Monday, December 24, 2012

Merry Christmas!

Tomorrow, that is.  It's a fairly safe bet I won't be posting tomorrow.  The past few years, let's face it, it's a fairly safe bet that I won't be posting on pretty well any particular day.  The few things I have to say, I've said too many times, and I'm boring even myself.

Tonight, at my church's Christmas Eve service, the small choir in which I sing will be performing a Joseph Martin cantata, "The Winter Rose."  (Look on YouTube -- there's all kinds of videos or performances by big choirs, with orchestras and dancers and all.  That's not us -- we're a dozen or so voices, accompanied by piano.)  It's an odd thing ... we've been rehearsing this at the weekly choir practice for a few months now, but as the time gets closer, I'm finding it more and more difficult to sing my part, here and there, because my voice wants to choke up and I want to kind of tear up.  I need to try to get a good grip on myself this evening, because there's only three of us singing bass, and it isn't good if one-third of the bass kind of drops out for a phrase or two.

This is, in many ways, an ugly and frightening world in which we live.  And this blog tends to focus, almost exclusively, on that sort of thing.  I do not apologize for that -- I think we Americans, in particular, tend to be fed (in the information sense) on dangerous crapola and myths that serve bad purposes, to which the only possible antidote amounts to angry shouting.  But God is real, and He is good, and I love Him ... not as I should, and not as would be ordinate to His nature; but in my small, cold, poor way, I do.  Let's love each other.  Let's be Christ to each other.  And a merry Christmas to all, and to all a good night!

Sunday, December 16, 2012


I just watched the Peace Laureate performing his function as Official Comforter of Stricken Communities ... in this case, Newtown, Connecticut, where the most recent school slaughter happened last week.  He must have told his speechwriting staff to wax poetic, and they seem to have earned their paychecks.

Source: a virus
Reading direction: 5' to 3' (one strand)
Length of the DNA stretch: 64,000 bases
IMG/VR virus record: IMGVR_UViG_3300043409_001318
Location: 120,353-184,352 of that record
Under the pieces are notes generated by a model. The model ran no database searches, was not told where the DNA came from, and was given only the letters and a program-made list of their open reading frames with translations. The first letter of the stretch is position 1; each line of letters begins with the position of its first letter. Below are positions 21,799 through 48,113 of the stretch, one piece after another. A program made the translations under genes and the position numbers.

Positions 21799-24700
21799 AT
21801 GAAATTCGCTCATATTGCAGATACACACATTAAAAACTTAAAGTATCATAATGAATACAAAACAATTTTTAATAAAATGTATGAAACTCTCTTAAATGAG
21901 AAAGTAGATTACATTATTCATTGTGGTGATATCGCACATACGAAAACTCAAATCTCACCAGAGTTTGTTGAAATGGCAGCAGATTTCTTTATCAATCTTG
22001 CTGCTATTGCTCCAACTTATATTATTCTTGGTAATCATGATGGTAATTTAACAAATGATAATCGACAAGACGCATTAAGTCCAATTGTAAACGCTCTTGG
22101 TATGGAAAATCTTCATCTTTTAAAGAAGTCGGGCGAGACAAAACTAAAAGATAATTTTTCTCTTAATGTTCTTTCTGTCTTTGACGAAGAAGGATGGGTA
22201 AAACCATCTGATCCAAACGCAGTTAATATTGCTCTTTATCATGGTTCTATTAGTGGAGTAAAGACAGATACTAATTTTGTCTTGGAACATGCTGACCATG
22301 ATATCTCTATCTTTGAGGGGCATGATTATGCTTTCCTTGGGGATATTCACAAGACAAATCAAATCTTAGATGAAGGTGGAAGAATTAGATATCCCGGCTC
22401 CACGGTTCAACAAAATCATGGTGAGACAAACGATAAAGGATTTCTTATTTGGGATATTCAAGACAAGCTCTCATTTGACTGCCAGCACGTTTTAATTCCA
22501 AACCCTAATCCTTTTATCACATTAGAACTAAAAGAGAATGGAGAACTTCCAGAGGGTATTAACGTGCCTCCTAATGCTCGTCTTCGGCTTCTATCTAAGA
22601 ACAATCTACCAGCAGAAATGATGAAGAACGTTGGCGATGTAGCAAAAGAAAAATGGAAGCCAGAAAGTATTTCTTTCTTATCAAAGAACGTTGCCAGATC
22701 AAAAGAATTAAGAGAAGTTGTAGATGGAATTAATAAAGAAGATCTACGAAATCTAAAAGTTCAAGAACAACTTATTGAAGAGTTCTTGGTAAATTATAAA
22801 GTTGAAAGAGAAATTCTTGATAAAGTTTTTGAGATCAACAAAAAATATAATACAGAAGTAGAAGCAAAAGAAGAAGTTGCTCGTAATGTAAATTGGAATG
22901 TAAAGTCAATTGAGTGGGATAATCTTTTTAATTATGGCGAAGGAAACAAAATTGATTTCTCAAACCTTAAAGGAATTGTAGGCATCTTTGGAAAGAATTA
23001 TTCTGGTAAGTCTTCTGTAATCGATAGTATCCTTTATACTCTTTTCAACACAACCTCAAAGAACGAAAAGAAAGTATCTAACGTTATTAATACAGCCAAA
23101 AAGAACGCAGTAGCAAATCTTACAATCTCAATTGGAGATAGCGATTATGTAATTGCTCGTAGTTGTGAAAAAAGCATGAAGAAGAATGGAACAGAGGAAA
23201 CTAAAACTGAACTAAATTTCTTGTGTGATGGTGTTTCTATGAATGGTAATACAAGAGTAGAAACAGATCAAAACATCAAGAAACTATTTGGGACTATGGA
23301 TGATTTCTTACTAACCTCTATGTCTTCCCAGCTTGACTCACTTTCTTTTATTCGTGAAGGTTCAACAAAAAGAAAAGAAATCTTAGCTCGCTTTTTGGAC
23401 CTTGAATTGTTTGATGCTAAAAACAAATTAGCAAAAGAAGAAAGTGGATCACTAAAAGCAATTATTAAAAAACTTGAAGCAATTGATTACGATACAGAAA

Yes, I'm sickened and appalled, just as we're all officially supposed to be.  But right now, what sickens me are the uses to which the regime -- surely, a manifestation of detestable evil -- puts the pathetic bodies of the dead.  In this case, it's not hard to see that they'll be used as a means of further diminishing the liberties remaining to we serfs, and to enhance the powers of our rulers.  No great surprise there.

But I'm also thinking about other bodies.  Other children's bodies.  But not in Connecticut.  I'm thinking of ones in Afghanistan, and Iraq, and Yemen, and Pakistan.  I'm thinking about the Peace Laureate's hired torpedoes (sorry, I must have meant "our heroes in uniform") who kill children ... brownish ones, with funny names ... to advance the alleged US "national interest" in the filthy international games of wealth and power and dominance and advantage.  Or to bolster the political standing and tough-guy image of the clowns in American political offices, jackass and elephant alike.  Or for the sporting satisfaction of our heroes in uniform, soon to be seeking jobs in American "police forces" ... sleep well, Mr. and Mrs. America!

My, how the state does nourish itself on dead bodies: foreign and domestic alike.  Revolting.

Of all the humane and eloquent words mouthed by the Peace Laureate, which do not apply at least as well to the last twenty or thirty underage Muslim victims of drone attacks, ordered by this same Official Comforter?  What did he say about the American schoolchildren that isn't at least as true of the collateral damage that he so cheerfully inflicts overseas?

Sow the wind -- reap the whirlwind.